INGENIOUS ROUTE TO INGENOL
Despite tricky structure, compound finally yields to total synthesis
Ingenol, a natural product isolated from euphorbia plants, has long been a target for synthetic chemists. Not only is it the parent compound of a class of agents with promising bioactivity, but it also has an unusual structural feature that's been extremely difficult to construct synthetically.
Various ingenol derivatives have been found to be tumor promoters, antileukemic agents, or inhibitors of human immunodeficiency virus replication. But from the synthetic standpoint, perhaps what has been most intriguing about ingenol is its "trans intrabridgehead" stereochemistry--a tricky structural arrangement that has provided a difficult synthetic challenge.
Several synthetic solutions have been devised to create the trans intrabridgehead framework, but no one had used such an approach in an overall total synthesis of ingenol. Now, chemistry professor Jeffrey D. Winkler and coworkers at the University of Pennsylvania have done just that [J. Am. Chem. Soc., 124, 9726 (2002)]. The synthesis--completed by Winkler, grad students Meagan B. Rouse and Sean J. Harrison, and postdocs Michael F. Greaney and Yoon T. Jeon--is the culmination of synthetic studies begun by Winkler's group in 1986.
COURTESY OF JEFF WINKLER
Several other groups have tried to synthesize the compound, including that of chemistry professor Leo A. Paquette of Ohio State University, but prior syntheses just hadn't worked out. "Jeff is the guy who persisted, and he's finally taken it to the end," Paquette says. "I have to give him a lot of credit."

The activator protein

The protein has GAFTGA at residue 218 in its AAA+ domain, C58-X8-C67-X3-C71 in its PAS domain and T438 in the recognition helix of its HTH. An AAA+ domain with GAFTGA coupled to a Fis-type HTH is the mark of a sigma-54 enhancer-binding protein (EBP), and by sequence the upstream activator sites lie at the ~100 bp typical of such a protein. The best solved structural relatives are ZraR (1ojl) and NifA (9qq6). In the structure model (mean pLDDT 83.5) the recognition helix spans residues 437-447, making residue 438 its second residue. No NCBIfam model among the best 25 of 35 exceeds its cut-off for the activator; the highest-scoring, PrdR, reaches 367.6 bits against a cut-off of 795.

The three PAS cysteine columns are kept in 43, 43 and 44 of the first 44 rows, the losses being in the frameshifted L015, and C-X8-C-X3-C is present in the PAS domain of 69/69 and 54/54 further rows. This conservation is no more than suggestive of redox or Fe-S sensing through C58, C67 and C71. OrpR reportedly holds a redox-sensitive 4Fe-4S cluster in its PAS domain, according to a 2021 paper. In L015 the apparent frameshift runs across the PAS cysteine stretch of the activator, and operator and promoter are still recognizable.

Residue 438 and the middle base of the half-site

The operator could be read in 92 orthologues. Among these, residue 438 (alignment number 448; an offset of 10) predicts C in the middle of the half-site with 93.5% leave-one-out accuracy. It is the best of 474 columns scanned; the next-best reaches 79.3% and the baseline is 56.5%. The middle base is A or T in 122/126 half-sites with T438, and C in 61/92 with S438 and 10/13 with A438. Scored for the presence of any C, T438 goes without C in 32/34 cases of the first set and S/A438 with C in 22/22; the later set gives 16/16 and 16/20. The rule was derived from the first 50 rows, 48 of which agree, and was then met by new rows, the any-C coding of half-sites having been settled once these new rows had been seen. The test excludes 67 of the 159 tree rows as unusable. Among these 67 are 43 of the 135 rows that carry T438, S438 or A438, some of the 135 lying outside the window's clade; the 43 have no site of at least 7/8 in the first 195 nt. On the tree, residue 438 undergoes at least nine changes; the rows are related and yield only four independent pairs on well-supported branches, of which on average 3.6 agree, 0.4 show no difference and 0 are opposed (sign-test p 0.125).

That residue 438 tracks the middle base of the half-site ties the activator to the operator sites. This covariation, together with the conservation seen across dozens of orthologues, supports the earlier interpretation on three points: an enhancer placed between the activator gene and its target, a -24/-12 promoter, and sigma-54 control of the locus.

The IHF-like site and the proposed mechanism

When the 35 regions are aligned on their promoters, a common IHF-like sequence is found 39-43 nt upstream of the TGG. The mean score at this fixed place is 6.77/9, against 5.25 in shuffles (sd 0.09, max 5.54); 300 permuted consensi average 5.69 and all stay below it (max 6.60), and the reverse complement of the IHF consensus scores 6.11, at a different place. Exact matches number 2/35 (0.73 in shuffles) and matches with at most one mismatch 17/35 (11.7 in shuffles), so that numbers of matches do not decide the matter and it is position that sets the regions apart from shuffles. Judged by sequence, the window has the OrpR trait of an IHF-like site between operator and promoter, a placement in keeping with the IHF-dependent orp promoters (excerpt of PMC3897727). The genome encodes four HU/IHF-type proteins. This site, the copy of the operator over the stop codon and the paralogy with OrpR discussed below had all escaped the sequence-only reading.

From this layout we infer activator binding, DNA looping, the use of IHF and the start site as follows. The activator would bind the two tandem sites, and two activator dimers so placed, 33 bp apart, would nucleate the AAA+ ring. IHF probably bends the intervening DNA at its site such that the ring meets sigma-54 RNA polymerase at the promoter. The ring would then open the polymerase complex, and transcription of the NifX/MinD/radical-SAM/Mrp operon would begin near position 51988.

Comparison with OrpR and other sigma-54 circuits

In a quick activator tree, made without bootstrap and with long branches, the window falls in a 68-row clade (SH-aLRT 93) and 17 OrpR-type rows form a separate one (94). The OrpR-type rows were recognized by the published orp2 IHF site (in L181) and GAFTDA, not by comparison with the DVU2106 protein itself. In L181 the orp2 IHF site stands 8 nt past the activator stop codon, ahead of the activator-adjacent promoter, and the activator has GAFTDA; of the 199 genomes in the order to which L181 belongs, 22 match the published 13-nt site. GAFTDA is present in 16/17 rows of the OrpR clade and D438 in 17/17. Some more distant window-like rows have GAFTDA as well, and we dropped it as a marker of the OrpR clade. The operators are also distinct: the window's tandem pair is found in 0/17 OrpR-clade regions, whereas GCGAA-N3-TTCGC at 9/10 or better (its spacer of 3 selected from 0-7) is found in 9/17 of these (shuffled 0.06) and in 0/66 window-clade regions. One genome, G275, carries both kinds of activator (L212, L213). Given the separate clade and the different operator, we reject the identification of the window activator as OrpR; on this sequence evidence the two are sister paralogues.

Ingenol's trans intrabridgehead is an arrangement centered on a carbonyl bridge common to two adjoining rings. Two bonds flanking the bridge adopt a trans (or "inside-outside") orientation--one points up and the other down, which is strained because both are in the same ring.
"Some time ago, we made a molecule with the bridge oriented the other way," Paquette says. "Its esters were tested in Germany and found to be completely devoid of activity--which was quite a surprise." This suggested that the strained trans intrabridgehead arrangement plays an important role in the compound's biological activity.
The new total synthesis has 43 steps, with an average yield per step of 80%. Winkler and coworkers first converted a known enone into a simple bicyclic keto ester. They elaborated the ester into a tricyclic structure containing a key dioxenone group. They used an intramolecular dioxenone photocycloaddition--a reaction developed earlier in Winkler's group--to convert that into a dioxanone. A fragmentation reaction transformed the dioxanone into a critical intermediate with a correctly configured inside-outside intrabridgehead at ingenol's C-8 and C-10 positions. The researchers also incorporated a chlorine atom at position C-14 to facilitate subsequent formation of a dimethylcyclopropane ring. The ring was added, and the resulting tetracyclic intermediate was then elaborated into ingenol by a multistep process in which seven contiguous carbon centers were oxidized.
Winkler and coworkers developed the intramolecular dioxenone photocycloaddition reaction in the late 1980s, and they found that it led to the establishment of inside-outside stereochemistry. The researchers have since used the reaction successfully in the total synthesis of perhydrohistrionicotoxin, the first total synthesis of saudin A, and now the ingenol synthesis.-